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443 views • February 28, 2023

US Should Not Let WHO 'Usurp' Its Pandemic Response Authority, Says Sen. Roger Marshall

Capitol Report
Capitol Report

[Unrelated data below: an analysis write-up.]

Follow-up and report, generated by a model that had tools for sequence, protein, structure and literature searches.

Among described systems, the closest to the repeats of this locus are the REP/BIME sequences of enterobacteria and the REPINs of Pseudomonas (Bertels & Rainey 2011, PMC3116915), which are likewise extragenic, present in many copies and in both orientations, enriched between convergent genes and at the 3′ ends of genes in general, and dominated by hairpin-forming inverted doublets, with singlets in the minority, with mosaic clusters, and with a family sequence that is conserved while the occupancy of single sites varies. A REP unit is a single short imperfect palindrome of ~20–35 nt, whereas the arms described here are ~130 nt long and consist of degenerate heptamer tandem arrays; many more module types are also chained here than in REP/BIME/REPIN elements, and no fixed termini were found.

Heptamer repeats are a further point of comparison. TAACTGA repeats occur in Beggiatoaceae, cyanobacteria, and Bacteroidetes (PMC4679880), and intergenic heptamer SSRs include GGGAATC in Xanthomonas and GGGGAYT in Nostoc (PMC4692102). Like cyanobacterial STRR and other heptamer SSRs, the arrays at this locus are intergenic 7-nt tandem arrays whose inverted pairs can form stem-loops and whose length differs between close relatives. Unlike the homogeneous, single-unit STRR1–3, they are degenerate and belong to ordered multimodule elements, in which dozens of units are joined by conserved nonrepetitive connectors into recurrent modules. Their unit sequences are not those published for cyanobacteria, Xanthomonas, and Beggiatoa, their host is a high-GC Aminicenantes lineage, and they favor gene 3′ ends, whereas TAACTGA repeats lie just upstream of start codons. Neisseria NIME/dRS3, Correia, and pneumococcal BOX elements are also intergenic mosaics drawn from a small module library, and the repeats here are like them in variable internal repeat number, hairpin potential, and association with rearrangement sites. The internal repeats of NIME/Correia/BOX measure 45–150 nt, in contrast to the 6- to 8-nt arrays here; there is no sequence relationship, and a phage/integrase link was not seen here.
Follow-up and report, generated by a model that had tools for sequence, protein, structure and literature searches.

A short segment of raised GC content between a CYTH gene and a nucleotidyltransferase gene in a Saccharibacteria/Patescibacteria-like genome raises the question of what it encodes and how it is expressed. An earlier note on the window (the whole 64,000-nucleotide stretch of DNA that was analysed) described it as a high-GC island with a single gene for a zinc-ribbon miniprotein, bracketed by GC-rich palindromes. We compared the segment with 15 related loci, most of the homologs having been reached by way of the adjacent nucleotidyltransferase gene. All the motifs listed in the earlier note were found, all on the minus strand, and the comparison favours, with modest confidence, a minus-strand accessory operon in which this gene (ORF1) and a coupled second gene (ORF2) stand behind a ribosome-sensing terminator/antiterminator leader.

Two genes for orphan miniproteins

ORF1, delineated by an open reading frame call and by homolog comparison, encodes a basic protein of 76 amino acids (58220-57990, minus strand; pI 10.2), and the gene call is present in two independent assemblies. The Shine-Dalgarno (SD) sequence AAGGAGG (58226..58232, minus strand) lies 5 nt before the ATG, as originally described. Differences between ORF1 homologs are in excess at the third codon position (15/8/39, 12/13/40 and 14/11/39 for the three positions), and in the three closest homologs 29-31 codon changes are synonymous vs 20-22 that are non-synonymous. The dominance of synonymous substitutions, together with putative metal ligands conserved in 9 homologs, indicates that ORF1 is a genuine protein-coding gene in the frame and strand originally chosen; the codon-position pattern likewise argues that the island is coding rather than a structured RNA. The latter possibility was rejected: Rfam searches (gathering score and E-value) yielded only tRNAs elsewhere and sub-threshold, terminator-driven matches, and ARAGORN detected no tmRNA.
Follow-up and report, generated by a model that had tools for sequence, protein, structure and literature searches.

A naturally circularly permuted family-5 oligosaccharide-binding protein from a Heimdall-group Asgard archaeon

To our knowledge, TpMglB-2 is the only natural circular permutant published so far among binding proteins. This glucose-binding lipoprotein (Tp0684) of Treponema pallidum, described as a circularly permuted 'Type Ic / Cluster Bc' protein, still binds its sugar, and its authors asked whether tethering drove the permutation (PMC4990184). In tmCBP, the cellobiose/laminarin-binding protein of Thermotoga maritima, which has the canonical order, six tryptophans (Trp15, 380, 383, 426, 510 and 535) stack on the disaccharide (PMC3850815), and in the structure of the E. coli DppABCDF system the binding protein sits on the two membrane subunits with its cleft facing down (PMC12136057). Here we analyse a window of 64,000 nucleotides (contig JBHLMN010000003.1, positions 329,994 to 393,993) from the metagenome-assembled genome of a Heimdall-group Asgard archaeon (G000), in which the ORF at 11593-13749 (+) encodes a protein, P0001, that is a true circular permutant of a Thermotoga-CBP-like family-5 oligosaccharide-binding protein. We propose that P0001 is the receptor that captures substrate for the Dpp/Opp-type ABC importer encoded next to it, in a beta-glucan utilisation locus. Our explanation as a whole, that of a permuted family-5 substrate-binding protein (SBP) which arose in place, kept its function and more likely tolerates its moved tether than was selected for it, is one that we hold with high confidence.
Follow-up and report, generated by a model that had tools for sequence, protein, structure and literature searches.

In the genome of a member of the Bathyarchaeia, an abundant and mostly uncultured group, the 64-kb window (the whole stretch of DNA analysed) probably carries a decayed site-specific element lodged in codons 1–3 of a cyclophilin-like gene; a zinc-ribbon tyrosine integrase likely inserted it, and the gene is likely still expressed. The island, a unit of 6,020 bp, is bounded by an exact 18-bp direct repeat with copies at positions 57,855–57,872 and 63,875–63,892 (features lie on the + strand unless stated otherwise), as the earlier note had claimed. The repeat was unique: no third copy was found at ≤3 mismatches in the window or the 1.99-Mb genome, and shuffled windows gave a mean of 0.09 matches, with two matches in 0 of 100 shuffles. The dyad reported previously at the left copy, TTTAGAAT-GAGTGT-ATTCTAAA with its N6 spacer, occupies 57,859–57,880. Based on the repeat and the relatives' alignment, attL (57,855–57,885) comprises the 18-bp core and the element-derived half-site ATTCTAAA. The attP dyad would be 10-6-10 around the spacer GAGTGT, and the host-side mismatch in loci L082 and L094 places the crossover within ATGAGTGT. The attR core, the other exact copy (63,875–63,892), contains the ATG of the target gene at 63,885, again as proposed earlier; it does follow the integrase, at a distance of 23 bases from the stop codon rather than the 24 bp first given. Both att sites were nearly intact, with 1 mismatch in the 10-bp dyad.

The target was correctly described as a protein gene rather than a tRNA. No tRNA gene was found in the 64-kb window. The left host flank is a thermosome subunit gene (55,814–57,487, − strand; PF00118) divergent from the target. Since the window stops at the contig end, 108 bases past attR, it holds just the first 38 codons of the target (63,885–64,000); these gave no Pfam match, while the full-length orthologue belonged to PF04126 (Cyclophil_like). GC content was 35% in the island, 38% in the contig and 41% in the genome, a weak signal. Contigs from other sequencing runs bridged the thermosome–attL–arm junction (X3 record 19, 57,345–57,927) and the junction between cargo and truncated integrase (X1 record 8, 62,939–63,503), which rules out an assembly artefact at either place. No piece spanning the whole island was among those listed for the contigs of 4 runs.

Senator Roger Marshall (R-Kans.) is urging restraint and skepticism before the United States accepts a recently proposed World Health Organization (WHO) pandemic response agreement, known as WHO CA+. The WHO recently introduced an early-stage draft proposal for a convention, agreement, or "other international instrument" for coordinating global pandemic responses. The draft document states that the WHO intends for this pandemic response agreement "to achieve greater equity and effectiveness for pandemic prevention, preparedness and response through the fullest national and international cooperation." The document lays out goals for international coordination to prevent and respond to disease outbreaks. The draft document further describes the sharing of pandemic-related products, including diagnostics, vaccines, personal protective equipment, and therapeutics "to enable equitable distribution, in particular to developing countries." The WHO proposal comes amid heightened skepticism of the organization following its response to the COVID-19 pandemic. Marshall is among those who signaled hesitance to accept the draft proposal and suggested the agreement would see the WHO usurp some U.S. authority in the public health realm. "I want to read it twice, have my lawyers look at it as well, but we'll never usurp [sic] authority to the World Health Organization over the United States," Marshall told NTD News. Marshall went on to suggest that a one-size-fits-all approach to public health scenarios might not make sense. He said the United States could treat the WHO's proposed international pandemic response agreement as "a piece of advice" but said broader WHO control over how countries handle public health is "way outside of their lane." "As a physician, I'm willing to listen to that advice," Marshall added. "But absolutely, we need local control. The same response to a public health emergency like COVID, what works in Kansas probably is not going to be the same thing that works in in a very crowded state like New York, so we're not going to usurp [sic] any power to the World Health Organization." Earlier this month, Marshall joined other Republican Senators who introduced a bill that would bar U.S. participation in a WHO global pandemic response agreement without first gaining the approval of the U.S. Senate. The Proposed Agreement Given its draft nature, the specific details of the WHO's proposal are subject to change. One of the most concrete proposals in the draft legislation is a commitment by countries that develop treatments, vaccines, and tests to reserve 20 percent of any such products for the WHO to administer to "developing countries." The proposed agreement would also include legally binding language for its participating members. The World Health Assembly convened yesterday to begin deliberations on the international pandemic response agreement. Proponents of the draft proposal see it as a way to ensure that developing nations provide key details on disease outbreaks and disease "genomic sequences" in a timely manner to ensure that developed nations know how to respond to emerging diseases and begin preparing treatments. In return for sharing this key information about disease outbreaks, developing nations are ensured at least some access to testing and treatments created by richer developed nations. “It will address the injustice of the COVID-19 and AIDS pandemics that saw people in lower-income countries forced to wait at the back of the line for vaccines, tests, and treatments," Mohga Kamal-Yanni, policy co-lead for the People’s Vaccine Alliance, said in a recent interview with Market Watch. Distrust of WHO Marshall shared his distrust of the WHO, describing WHO Director Tedros Adhanom Ghebreyesus as someone who "has been bought and paid for by the Chinese Communist Party." The WHO has been criticized for its initial response to the global COVID-19 outbreak. During the initial COVID outbreak period, then National Security Advisor Robert O'Brien alleged that  China was slow to provide information a
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